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Obamacare on Trial: The Individual Mandate

7:18 PM, Mar 27, 2012 • By ADAM J. WHITE
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Yesterday, we endured an esoteric debate over a jurisdictional statute that practically no one expects to actually affect the Supreme Court's review of Obamacare. Today, by contrast, was the argument we've all been waiting for: the challenge to the constitutional merits of Obamacare's individual mandate.

There already has been a tidal wave of reporting, commentary, and predictions. (Among straight news reporting, I recommend SCOTUSblog's Lyle Denniston, National Law Journal's Marcia Coyle, and the Washington Post's Robert Barnes.) But there are a few points to add or amplify:

The most important moment in the entire argument occurred near the end, as Justice Anthony Kennedy—widely expected to be the deciding vote—succinctly summarized the choice that he will have to make:

the government tells us that's because the insurance market is unique. And in the next case, it'll say the next market is unique. But I think it is true that if most questions in life are matters of degree, in the insurance and health care world, both markets—stipulate two markets—the young person who is uninsured is uniquely proximately very close to affecting the rates of insurance and the costs of providing medical care in a way that is not true in other industries.

That's my concern in the case.

Kennedy is looking at the government's primary argument—whether the individual mandate is a "necessary and proper" adjunct to Obamacare's broader regulatory scheme—and looking for a "limiting principle," a rule that would prevent this case from handing the government a blank check to impose new mandates. At the same time, he is at least open to the idea that "health care" or "health insurance"—the parties and justices fought relentlessly over the proper market definition—is itself sufficiently unique as to limit the case to health care's (or health insurance's) particular facts.

Kennedy stressed these concerns near the outset of today argument, too, while questioning Solicitor General Donald Verrilli.  Raising a point that the plaintiffs stressed throughout the litigation (and which THE WEEKLY STANDARD noted last week), Obamacare's individual mandate is an unprecedented new regulatory innovation, and such an innovation raises serious prudential questions: 

Assume for the moment that this is unprecedented, this is a step beyond what our cases have allowed, the affirmative duty to act to go into commerce. If that is so, do you not have a heavy burden of justification?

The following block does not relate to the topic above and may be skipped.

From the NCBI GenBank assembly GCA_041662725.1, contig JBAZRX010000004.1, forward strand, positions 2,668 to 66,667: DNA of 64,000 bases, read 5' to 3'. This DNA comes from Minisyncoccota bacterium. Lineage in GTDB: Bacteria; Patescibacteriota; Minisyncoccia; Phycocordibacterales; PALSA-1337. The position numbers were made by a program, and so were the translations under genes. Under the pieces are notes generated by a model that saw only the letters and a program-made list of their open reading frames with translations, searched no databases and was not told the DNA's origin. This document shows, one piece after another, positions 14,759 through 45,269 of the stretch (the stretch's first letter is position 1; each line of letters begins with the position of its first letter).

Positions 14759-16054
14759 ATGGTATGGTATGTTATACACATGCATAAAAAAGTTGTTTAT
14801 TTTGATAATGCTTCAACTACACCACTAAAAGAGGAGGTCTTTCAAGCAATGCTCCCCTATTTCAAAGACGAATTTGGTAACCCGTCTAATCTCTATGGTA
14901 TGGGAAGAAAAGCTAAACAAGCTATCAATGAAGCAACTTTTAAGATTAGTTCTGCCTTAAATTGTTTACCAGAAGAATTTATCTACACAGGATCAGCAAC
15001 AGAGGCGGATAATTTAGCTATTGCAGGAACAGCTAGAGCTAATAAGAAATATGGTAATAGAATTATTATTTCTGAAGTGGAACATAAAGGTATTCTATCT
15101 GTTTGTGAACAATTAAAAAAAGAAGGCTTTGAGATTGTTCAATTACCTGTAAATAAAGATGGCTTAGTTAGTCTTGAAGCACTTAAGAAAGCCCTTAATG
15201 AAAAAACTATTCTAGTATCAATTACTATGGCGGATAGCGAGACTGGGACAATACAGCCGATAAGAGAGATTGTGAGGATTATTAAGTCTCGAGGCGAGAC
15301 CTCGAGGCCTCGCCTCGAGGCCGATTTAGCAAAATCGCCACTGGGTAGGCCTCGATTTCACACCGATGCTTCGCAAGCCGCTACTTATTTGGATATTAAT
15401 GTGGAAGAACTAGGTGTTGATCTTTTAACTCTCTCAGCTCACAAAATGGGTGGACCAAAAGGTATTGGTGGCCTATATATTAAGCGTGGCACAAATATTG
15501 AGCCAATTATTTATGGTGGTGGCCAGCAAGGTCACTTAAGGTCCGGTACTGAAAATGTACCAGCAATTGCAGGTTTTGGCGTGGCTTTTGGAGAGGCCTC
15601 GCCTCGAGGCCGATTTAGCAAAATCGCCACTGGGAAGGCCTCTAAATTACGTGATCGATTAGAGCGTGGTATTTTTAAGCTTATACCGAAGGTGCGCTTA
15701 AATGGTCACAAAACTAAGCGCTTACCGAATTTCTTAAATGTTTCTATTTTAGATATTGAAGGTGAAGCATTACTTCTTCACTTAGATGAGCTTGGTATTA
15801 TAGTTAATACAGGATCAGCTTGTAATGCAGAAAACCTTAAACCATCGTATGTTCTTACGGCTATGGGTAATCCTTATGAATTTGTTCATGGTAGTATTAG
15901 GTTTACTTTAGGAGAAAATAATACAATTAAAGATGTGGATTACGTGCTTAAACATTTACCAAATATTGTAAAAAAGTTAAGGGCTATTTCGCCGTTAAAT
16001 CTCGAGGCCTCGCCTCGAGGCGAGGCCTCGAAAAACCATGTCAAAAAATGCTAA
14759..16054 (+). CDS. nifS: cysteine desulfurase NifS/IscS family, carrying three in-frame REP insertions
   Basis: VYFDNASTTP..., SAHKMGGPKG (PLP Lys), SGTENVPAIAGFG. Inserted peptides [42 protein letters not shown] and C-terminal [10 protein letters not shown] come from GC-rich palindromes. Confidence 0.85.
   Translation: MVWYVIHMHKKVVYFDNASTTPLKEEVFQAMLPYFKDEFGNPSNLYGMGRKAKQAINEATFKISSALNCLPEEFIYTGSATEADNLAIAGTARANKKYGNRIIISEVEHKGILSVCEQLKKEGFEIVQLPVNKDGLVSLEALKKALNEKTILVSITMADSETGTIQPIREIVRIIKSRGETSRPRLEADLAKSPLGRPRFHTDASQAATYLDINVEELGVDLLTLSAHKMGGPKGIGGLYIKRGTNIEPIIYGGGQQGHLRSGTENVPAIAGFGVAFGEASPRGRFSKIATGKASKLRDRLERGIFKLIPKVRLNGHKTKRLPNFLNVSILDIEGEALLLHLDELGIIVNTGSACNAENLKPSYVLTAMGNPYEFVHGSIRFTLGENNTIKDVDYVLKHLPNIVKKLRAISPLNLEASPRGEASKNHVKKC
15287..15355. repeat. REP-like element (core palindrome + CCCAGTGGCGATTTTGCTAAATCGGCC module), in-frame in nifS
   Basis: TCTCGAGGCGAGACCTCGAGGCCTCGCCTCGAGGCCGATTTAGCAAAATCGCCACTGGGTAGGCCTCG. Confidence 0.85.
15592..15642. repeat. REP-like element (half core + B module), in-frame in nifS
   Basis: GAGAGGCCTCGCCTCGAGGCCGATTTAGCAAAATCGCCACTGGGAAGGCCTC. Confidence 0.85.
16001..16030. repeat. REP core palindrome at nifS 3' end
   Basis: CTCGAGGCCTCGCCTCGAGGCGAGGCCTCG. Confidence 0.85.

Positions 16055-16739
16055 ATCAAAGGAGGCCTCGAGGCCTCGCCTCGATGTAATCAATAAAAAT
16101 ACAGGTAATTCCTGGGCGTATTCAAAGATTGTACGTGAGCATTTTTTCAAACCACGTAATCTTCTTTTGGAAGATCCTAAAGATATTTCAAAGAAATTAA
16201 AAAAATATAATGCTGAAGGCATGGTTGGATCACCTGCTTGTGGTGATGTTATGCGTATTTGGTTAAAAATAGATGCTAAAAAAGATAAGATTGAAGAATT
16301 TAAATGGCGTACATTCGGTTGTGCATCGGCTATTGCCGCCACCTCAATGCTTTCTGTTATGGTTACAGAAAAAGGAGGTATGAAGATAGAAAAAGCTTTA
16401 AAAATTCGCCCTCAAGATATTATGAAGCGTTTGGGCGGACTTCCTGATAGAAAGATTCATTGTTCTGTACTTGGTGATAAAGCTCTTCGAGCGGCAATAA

I understand that we must presume laws are constitutional, but, even so, when you are changing the relation of the individual to the government in this, what we can stipulate is, I think, a unique way, do you not have a heavy burden of justification to show authorization under the Constitution?

Astonishingly, the solicitor general did not have a well-rehearsed, thorough, or convincing response to this point. Later in the argument, Justice Samuel Alito gave him another bite at the apple, asking the solicitor general to "express your limiting principle as succinctly as you possible can." By my quick count, the solicitor general's answer rambled on for roughly 250 words—a deflating moment for Obamacare's proponents.

But the other critical moment in Kennedy's thinking came slightly earlier in the grilling of the solicitor general. Noting that President Obama and the Congress almost certainly could achieve the same objectives through a straightforward tax or a national health service, he looked to the president's and Congress's actual handiwork and observed that the government "ought to be honest about the power that it's using and use the correct power." This is a very worrisome aside, at least from the government's perspective. Kennedy made clear his concerns about the individual mandate's unprecedented nature; he won't be any more inclined to endorse this innovation if he thinks that the government was being fundamentally dishonest or evasive in the way it went about curtailing liberty.

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